When I was commuting before the pandemic, Jose Mari Chan was perpetually popping up and crooning “Christmas in Our Hearts” when the ‘Ber months rolled Christmas in sight.
In queues. In smog. Squeezed in the bus and train. Jostling in mall and sidewalk.
Before the pandemic, I sincerely wished to throttle Mr. Chan.
Last Sept. 1, Jose Mari dislodged Led Zeppelin in my Spotify playlist. My inner cynic took a backseat to allow the child to listen for hours to “A Perfect Christmas.”
After the orchestral opening of the song, Jose Mari slides in these lines: “My idea of a perfect Christmas/ Is to spend it with you...”.
The pause that follows before Jose Mari warbles the next line (“In a party or dinner for two”) is an open invitation to substitute a memory resonating more deeply with the listener.
A pandemic that has taken away first strangers and then colleagues and loved ones becomes a light beamed around a familiar room turned disorienting in the dark.
In the second stanza, Jose Mari leads with “Looking through some old photographs/ Faces and friends we’ll always remember...”.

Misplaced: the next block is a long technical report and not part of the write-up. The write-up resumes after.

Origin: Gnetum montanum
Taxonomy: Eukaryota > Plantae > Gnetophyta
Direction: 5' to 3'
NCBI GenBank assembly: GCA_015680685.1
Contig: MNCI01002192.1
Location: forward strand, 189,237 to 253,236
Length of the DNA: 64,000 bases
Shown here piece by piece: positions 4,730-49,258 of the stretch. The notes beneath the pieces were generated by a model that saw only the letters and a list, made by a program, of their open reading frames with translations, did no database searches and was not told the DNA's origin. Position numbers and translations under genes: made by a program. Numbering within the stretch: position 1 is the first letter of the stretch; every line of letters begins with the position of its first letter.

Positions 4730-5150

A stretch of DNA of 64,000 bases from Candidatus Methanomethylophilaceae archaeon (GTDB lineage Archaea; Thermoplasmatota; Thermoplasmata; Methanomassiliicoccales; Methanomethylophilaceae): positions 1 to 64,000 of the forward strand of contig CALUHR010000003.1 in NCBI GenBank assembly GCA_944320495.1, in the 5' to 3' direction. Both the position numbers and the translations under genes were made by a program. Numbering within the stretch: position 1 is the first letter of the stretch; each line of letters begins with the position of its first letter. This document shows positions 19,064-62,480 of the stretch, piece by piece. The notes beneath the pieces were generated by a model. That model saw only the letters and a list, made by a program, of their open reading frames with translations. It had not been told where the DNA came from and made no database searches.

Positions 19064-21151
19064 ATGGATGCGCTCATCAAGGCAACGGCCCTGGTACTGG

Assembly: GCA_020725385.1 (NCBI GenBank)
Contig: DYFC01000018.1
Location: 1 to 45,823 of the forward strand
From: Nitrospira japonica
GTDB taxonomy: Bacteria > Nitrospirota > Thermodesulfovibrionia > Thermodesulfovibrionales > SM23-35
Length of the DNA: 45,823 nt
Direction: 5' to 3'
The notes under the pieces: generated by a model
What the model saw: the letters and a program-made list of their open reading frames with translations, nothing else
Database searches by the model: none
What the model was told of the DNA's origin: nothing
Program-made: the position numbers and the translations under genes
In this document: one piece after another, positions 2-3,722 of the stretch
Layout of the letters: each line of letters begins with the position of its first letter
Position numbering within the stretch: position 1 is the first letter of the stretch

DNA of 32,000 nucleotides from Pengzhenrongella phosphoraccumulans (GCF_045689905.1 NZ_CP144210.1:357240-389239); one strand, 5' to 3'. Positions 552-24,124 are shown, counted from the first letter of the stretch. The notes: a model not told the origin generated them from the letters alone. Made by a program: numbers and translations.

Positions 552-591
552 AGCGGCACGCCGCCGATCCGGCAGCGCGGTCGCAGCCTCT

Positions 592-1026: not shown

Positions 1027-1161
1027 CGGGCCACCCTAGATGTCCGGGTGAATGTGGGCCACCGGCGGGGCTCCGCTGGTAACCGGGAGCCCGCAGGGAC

A few days ago, my three-year-old smart phone got fed up reminding me that I was storing too many photos and moved everything to the cloud.
In the second to the last stanza of “A Perfect Christmas,” Jose Mari croons, “I can’t think of a better Christmas/ Than my wish coming true/ And my wish is that you’d let me spend/ My whole life with you...”.
During the pandemic, we rescued puspins (pusang Pinoy) and aspins (asong Pinoy). A few friends have moved since to the “balangaw (rainbow)” and “kalalaw (constellation)” playgrounds.
In these ‘Ber months, Jose Mari reassures me that some wishes come true.